I heard the blood-curdling screech before I felt the rapid wing beats above my head. In a heartbeat, webbed feet grazed my head barely missing my face. I quickly ducked and crouched on the path, as instructed, as a very angry bird harangued me for a few seconds. When it quietened, I got up and walked as fast and as far away from it as possible. After I recovered, I looked at what I had disturbed. I had just had an encounter with a protective Brown noddy adult guarding its chick on Cousin Island Special Reserve.
Brown noddy pair with chick
"You can get close to the Lesser noddys, but be careful because the Brown noddys will come at you," Claire, the island's conservation officer, had warned me earlier. I had forgotten this cautioning as I walked up the hill to Cousin's viewpoint, the best place to watch all kinds of birds in majestic flight, but also a niche spot for nesting Brown noddys.
"Must be a female," I said to myself, unintentionally casting aspersions at the gender to which I too belong. I noticed that I had cut myself on Pandanus leaves in my haste to getaway.
Settling down, I saw several pairs guarding their eggs and chicks. On a rock, a pair bowed and nodded at each other in courtship, as the wind carried the ghostly lament of Wedge-tailed shearwaters in their burrows close by.
Brown noddys nest during the South east monsoon
During the South-east monsoon season (May-August), nearly 1500 breeding pairs of Brown noddys (Anous stolidus, Makwa in Creole) come to nest on Cousin Island. They lay their eggs on ledges and shallow crevices of rocks and cliffs, and also in Pandanus trees.
Their nesting season coincides with that of Lesser noddys (Anous tenuirostris, Kelek), with nearly 80,000 breeding pairs arriving on Cousin. During this time, every corner of the 29 ha island is covered with birds.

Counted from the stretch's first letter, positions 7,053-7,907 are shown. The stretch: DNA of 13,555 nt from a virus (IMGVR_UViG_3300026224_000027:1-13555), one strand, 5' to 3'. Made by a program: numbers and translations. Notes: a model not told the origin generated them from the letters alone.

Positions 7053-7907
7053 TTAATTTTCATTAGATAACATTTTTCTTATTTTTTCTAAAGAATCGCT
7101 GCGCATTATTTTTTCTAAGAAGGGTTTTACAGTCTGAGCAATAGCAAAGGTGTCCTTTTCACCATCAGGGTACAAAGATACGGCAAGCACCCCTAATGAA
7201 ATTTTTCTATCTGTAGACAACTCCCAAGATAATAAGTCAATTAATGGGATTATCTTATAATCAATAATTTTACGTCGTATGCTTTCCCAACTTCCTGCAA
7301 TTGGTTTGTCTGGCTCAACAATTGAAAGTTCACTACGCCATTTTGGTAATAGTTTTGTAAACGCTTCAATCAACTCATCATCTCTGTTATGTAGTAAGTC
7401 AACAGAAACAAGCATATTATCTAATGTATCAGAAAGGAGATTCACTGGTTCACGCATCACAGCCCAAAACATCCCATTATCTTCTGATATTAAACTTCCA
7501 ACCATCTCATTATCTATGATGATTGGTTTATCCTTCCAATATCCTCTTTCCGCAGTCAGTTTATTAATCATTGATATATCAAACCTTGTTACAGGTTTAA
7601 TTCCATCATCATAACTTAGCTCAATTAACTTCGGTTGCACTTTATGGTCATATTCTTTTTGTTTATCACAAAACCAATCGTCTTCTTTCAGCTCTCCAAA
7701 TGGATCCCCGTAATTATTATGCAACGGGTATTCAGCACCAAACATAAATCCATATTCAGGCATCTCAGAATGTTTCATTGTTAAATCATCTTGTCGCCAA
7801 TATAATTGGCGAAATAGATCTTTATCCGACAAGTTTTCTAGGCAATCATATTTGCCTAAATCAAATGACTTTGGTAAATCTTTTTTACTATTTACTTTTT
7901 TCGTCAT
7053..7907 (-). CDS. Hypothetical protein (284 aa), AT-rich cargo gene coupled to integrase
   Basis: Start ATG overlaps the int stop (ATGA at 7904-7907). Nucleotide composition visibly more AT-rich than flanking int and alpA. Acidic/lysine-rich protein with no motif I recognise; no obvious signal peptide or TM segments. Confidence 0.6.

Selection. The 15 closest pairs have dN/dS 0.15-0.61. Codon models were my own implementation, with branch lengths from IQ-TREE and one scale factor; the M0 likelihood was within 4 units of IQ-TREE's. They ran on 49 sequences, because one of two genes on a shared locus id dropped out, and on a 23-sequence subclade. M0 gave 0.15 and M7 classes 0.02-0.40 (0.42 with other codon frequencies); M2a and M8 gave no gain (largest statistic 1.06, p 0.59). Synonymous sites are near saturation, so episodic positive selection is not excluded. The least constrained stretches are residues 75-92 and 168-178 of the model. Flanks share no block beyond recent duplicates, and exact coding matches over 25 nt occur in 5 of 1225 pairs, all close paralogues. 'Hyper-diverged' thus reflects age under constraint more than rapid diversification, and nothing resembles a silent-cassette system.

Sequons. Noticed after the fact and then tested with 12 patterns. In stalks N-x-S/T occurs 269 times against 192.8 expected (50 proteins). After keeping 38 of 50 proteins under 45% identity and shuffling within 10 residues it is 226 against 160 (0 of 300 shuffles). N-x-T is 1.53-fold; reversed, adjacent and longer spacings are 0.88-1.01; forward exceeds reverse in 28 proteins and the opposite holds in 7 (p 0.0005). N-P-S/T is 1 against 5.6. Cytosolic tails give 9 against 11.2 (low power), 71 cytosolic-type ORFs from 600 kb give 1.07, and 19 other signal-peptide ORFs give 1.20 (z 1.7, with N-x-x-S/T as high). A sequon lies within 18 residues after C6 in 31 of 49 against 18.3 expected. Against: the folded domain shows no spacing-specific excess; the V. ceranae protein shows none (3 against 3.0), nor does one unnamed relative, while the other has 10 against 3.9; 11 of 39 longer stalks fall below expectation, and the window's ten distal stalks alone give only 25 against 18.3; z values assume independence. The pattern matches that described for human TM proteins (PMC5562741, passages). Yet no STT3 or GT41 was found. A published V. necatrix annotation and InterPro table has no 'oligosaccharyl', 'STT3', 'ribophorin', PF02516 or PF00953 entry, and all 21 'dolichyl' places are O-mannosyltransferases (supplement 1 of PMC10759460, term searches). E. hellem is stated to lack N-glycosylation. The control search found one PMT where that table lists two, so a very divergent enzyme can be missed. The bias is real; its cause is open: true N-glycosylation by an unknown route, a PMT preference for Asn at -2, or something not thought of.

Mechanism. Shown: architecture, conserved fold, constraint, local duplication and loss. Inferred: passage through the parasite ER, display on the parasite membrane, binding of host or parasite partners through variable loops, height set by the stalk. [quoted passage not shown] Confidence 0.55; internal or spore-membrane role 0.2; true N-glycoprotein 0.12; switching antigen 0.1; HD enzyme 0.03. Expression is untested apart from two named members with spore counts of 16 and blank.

During brown and lesser noddy season the island is full of birds
It is the period when their breeding success monitoring and census is carried out using standardised methods laid out in the Seabird Monitoring Handbook for Seychelles. Monitoring and censuses are carried out by the conservation officer and wardens. Seabirds are a critical part of the ocean's food web and can be used as bio-indicators of changes in the oceans. They are abundant, widely distributed, and are in close interaction with their marine habitats including surface-dwelling fish. Their study gives a window through which we can see what is happening at sea.
I start back down the hill. The bird still complains, but I am not alarmed any longer. I discover that both the scientific names for the bird - "Anous" and "Stolidus" - refer to the view that the bird is foolish and easy to catch. Whoever thought that hasn't met this bird!
As I pass one of the warden's houses I see tens of pairs on the roof. What a racket they must make! In the ocean, a flock wet their feathers and picked fish from off the blue surface. I had to admit - they made a pretty picture.